In the Church, we continually hear messages that stress putting family first, such as David O. McKay's often-quoted "No other success can compensate for failure in the home."
But when so many duties pull us away from home and family, how can we still keep our marriage and relationships strong? Elder Ronald A. Rasband offered some great advice on Facebook:
These days, we all know life can be extremely busy with varied activities. This can take a toll on our marriages and families. I once heard it said this way: “In the Church we are sealed together for time and all eternity. Then we are often separated in life by its demands.”
Communication between husband and wife is so important. Sister Rasband and I spoke about this recently at the Mission Presidents Seminar. Privately sharing responsibilities, feelings, promptings, scriptural insights, and discussing what should be done in your family will help you both.
Another key to being “one” in marriage is appreciating and utilizing what each can contribute to a marriage. Discovering gifts and talents each has developed can even come as a surprise—as was the case while Melanie and I served together when I was called to be a mission president in New York City.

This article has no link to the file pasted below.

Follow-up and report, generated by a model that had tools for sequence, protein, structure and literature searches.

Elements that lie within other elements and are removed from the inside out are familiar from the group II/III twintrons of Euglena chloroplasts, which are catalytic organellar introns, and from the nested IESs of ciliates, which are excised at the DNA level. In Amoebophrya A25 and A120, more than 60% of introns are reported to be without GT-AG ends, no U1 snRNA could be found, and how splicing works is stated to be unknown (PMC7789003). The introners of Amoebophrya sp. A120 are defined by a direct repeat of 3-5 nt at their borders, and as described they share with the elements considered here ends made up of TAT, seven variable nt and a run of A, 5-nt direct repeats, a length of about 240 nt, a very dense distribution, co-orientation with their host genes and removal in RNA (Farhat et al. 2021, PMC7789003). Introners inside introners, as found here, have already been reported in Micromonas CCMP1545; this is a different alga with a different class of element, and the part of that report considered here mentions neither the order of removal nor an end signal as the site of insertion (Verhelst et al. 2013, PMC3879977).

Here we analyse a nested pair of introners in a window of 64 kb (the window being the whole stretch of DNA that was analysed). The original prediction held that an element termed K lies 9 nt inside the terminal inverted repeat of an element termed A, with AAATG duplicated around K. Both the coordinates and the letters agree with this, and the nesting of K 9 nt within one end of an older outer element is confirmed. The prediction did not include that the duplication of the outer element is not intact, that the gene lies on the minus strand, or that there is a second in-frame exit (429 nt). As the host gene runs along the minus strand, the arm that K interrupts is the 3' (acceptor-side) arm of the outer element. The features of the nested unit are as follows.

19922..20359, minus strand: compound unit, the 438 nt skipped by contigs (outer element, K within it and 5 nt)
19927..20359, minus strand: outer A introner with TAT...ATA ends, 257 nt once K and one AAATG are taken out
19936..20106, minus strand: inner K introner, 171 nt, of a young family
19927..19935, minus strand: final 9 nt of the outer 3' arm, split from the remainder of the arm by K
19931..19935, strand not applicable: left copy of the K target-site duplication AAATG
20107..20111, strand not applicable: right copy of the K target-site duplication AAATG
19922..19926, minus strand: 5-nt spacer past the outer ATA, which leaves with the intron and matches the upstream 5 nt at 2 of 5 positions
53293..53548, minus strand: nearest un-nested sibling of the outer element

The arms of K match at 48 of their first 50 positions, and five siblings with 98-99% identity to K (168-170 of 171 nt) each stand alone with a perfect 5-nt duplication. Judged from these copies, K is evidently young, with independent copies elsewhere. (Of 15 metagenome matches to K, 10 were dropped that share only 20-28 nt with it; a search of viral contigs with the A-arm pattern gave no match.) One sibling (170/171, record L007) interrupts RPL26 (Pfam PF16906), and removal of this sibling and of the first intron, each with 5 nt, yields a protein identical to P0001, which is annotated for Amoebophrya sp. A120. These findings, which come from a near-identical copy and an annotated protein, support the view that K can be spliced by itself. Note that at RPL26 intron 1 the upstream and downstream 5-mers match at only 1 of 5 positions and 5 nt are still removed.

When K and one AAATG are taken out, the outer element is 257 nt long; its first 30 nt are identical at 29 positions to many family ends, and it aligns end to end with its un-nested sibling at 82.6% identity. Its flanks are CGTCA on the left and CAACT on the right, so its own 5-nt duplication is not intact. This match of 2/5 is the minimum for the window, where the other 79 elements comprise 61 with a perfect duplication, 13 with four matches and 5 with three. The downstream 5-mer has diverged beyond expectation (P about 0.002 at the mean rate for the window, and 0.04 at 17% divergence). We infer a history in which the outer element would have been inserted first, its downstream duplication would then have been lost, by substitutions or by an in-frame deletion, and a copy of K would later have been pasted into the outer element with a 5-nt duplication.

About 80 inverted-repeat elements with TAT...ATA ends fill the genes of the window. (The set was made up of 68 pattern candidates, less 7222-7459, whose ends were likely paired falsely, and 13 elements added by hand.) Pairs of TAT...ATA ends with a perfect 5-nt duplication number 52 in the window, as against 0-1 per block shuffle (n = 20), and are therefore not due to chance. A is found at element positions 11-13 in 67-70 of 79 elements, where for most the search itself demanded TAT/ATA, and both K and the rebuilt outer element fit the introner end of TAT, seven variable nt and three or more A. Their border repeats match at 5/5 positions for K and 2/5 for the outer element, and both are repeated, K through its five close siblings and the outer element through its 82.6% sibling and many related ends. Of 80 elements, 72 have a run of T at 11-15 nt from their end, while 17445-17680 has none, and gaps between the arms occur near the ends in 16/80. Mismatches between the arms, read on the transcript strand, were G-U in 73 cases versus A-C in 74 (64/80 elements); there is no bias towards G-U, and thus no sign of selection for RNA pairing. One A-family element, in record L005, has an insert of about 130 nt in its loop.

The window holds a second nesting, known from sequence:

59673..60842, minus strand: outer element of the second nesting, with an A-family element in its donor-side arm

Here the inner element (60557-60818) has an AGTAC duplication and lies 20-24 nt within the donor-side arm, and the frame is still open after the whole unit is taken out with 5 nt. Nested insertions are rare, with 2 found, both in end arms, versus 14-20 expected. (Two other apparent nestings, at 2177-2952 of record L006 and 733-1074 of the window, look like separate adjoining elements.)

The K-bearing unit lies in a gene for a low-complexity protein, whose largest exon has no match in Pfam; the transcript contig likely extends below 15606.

Our daughter was serving her mission at the same time in Detroit, Michigan, and her mission president and his wife were at a Mission Presidents Seminar with us. On a bus ride, they made an offer to take something to our daughter for us. We hadn't planned on that opportunity. But Melanie, because of the meeting for sisters that day, had with her some colored paper and scissors. Amazingly she improvised, and proceeded to cut out freehanded Halloween shapes for us to write notes on, to our daughter.
Where had I been all these years? I had no idea she could do that! I wondered what other things I would yet learn about her. Learning about each other brought us closer together in the Lord’s work. I pray you may have the same experience in your marriage.